The YMCA of Broome County has 3 senior specific classes, with 13 offerings of these classes throughout the week.  We have a total of 9 water fitness classes, with over 50 offerings a week!  In our senior specific classes.  We serve about 2000 seniors that attend the Y on a regular basis

If the pool is not for you, the YMCA of Broome County offers Moving For Better Balance, a 12-week evidence-based group exercise program developed by the Oregon Research Institute. The program, based on the principles of Tai Chi, teaches eight movements modified especially for falls prevention.

According to the CDC, every 14 seconds, an older adult is treated in the emergency room for a fall and every 29 minutes an older adult dies from a fall-related injury.

Moving For Better Balance works to improve balance, muscle strength, flexibility and mobility to enhance overall physical health, which leads to better functioning in daily activities. Participation in the program can also result in better mental health, reduced stress, improved memory and cognition, and increased self-esteem.

The program’s safe and supportive group setting also provides an opportunity for participants to enjoy learning with like-minded adults and find relief from the isolation that can sometimes come from living with limited mobility.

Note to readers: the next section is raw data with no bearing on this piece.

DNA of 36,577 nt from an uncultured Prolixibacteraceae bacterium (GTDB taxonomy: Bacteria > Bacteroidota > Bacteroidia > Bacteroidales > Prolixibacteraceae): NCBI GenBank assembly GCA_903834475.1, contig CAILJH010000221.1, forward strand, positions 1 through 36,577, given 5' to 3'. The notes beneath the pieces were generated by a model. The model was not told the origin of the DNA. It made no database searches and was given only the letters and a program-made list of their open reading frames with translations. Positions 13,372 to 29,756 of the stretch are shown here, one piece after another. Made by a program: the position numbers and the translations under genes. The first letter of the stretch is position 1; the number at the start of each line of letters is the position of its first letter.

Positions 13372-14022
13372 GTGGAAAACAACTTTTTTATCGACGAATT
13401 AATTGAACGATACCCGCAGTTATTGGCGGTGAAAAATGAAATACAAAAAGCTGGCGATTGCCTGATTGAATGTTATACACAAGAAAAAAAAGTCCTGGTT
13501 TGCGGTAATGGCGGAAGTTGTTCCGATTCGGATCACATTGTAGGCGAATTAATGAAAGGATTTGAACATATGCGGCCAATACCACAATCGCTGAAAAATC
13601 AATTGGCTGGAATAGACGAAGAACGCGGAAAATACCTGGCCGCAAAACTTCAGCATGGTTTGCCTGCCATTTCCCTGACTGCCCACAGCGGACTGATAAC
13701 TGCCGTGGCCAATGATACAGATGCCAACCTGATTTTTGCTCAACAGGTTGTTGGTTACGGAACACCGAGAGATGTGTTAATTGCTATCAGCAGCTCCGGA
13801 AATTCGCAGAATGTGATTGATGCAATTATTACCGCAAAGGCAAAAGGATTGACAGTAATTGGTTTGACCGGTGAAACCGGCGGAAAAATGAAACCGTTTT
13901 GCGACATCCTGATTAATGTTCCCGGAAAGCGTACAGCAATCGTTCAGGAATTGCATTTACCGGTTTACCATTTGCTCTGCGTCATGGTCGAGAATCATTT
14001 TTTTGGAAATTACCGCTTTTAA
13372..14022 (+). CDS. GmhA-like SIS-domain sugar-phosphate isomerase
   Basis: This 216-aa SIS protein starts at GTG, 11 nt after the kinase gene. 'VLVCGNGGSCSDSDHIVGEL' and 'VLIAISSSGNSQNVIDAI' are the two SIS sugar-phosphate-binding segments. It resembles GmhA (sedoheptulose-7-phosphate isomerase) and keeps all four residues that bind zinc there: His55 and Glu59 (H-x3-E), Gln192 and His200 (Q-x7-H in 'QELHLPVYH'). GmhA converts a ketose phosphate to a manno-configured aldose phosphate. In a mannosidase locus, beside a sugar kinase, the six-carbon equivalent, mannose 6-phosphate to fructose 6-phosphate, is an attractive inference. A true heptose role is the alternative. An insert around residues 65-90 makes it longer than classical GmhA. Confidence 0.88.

When it comes to staying social, it is recommended for older adults to develop and maintain various positive sources of social interaction.  Research has shown that cognitive abilities can decline 70 percent more slowly in individuals who had frequent social connections, compared to those who have little social contact with others.  Socialization can drastically reduce stress, lower anxiety and depression, as well as improve memory longevity. 

Additionally, the Y offers the following tips on how to jump-start your healthy-living routine:

1.Have fun with your food. Eating healthy doesn’t have to be boring! Find a new recipe that uses a different source of protein or find a way to incorporate fish or beans into an old favorite. Have fun with your fruits and vegetables by trying them fresh or frozen. Remember as you age, it’s important to eat a variety of fruits, vegetables, whole grains, low-fat or fat-free dairy and lean meats to help your body get the necessary nutrients.